In the early days, we [the Mayak movement] were mainly engaged in informing. I had just left the IVS [temporary detention center], and it was difficult to organize any actions, because there was a threat to sit down above me. Now we are testing the ground under ourselves: We are creating petitions, for example, demanding that information about those killed on the cruiser Moskva be made public.
On March 5, they came to me with a search in the criminal case of “telephone terrorism” ( Article 207 of the Criminal Code of the Russian Federation. - Note ed. ), but no charges have yet been filed. I think the goal was precisely to withdraw all the equipment, so that it would be more difficult to continue working, and to keep it in the temporary detention facility for two days, because a large anti-war action was just planned for March 6th.
I can still leave Russia, but I am not leaving, because for me it is a principle: If the authorities try to expel me or silence me, then I will not do it on principle. This is part of my inner protest. This is my homeland, I was born here, I lived here, I didn’t go abroad very often. Since the beginning of the war, they have written on my door twice, doused it with paint, filled the locks with polyurethane foam, and left feces under the door. They wrote on the door that I was a Finnish Nazi, because I have a Finnish surname, and threats like “Wait, we are nearby.” I think this is such an act of pressure that I just left the country.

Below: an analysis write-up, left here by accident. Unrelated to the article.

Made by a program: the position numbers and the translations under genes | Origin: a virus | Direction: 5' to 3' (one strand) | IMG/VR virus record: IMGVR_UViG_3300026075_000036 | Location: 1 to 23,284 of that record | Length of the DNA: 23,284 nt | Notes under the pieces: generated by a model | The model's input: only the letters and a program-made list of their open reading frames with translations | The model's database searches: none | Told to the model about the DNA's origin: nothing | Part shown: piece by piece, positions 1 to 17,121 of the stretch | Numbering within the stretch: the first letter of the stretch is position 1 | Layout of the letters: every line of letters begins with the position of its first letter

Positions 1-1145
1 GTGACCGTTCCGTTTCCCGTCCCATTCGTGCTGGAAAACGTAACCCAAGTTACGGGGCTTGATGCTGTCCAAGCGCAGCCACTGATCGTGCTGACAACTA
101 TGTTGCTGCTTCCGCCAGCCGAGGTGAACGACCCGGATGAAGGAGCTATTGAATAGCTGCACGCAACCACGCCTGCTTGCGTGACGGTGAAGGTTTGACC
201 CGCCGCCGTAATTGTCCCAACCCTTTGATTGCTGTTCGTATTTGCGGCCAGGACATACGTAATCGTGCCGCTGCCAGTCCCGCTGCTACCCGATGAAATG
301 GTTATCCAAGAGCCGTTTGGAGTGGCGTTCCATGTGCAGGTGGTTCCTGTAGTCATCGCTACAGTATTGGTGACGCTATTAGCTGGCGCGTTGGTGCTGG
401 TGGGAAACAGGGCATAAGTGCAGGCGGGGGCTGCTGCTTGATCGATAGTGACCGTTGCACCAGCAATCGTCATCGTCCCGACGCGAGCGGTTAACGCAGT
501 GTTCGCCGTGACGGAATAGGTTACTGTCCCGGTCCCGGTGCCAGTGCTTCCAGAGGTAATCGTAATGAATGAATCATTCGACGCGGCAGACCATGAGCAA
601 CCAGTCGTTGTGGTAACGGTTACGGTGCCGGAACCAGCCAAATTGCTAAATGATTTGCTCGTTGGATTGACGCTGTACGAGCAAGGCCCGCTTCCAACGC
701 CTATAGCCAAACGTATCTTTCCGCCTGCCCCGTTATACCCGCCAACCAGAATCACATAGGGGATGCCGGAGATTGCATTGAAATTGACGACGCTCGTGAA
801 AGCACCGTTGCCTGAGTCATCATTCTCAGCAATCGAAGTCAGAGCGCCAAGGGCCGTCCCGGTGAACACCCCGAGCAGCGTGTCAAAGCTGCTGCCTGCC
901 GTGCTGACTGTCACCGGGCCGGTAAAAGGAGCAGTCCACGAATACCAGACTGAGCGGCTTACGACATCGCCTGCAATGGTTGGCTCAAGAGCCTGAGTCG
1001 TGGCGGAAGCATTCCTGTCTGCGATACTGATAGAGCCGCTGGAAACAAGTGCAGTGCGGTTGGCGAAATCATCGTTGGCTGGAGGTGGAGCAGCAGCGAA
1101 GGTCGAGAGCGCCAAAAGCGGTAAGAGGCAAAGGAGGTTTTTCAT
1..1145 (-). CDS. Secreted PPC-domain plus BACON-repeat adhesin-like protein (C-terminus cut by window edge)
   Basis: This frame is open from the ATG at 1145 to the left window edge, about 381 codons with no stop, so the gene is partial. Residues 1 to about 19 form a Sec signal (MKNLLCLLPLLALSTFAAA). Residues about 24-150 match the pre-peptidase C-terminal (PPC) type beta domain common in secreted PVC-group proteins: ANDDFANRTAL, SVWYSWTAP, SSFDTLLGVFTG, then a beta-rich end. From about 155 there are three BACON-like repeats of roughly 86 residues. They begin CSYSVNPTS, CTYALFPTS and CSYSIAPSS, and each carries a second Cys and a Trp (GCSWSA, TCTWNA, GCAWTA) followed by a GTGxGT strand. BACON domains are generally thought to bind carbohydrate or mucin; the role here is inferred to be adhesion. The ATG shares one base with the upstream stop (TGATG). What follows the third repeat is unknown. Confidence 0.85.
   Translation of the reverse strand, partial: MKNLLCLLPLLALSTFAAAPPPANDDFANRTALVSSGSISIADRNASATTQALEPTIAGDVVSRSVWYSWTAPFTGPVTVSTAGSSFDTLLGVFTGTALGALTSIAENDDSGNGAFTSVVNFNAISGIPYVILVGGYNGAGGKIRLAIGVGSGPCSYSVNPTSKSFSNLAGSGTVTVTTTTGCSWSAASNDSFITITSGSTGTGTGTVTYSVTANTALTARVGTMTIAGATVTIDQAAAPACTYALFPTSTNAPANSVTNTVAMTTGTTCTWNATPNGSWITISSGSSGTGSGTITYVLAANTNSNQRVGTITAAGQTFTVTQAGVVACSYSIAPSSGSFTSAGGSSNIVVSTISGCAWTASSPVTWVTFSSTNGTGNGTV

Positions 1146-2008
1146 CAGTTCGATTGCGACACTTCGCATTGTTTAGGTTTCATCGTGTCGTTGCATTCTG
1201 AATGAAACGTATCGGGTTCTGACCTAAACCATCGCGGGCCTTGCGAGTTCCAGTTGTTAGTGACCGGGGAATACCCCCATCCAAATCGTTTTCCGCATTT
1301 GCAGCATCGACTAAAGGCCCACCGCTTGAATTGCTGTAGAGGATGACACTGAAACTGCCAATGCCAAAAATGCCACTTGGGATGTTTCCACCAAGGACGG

I do not feel that there are few people who are against the war. Sociological surveys obviously do not work in such a situation, because we have a criminal article even for the word “war”. Maybe I'm in an information bubble, among people who stay in the country and somehow fight or fight from abroad. So I don't feel [lonely]. Maybe that's why I keep doing it.
I understand that if they want to fabricate a case against me, they will fabricate it. But I take it as inevitable, and the inevitable must be treated with indifference. Especially in Russia, which we now see: If you are engaged in anti-war activism, the chances that you will be opened a criminal case are greatly increased. So I try not to take it personally until it happens.
“Well, yes, they will judge me, they will imprison me or fine me — they don’t give a damn”
Tatyana Savinkina, 77, pensioner and social activist from Petrozavodsk. Hangs out leaflets with the text "Putin, get out of Ukraine."
I have no doubt that our country committed a crime, and with it all of us, by attacking a neighboring country. How dare Putin commit such a crime? After all, all our lives we said: “The most important thing is that there should be no war!” Therefore, I decided that I should do this [put up flyers].
I have a husband there [in the city of Belaya Tserkov, Kyiv region]. He graduated from high school there and spent a lot of time there. Then he studied in Russia and worked here [in Petrozavodsk] in the government. We parted with him, but we communicate very often.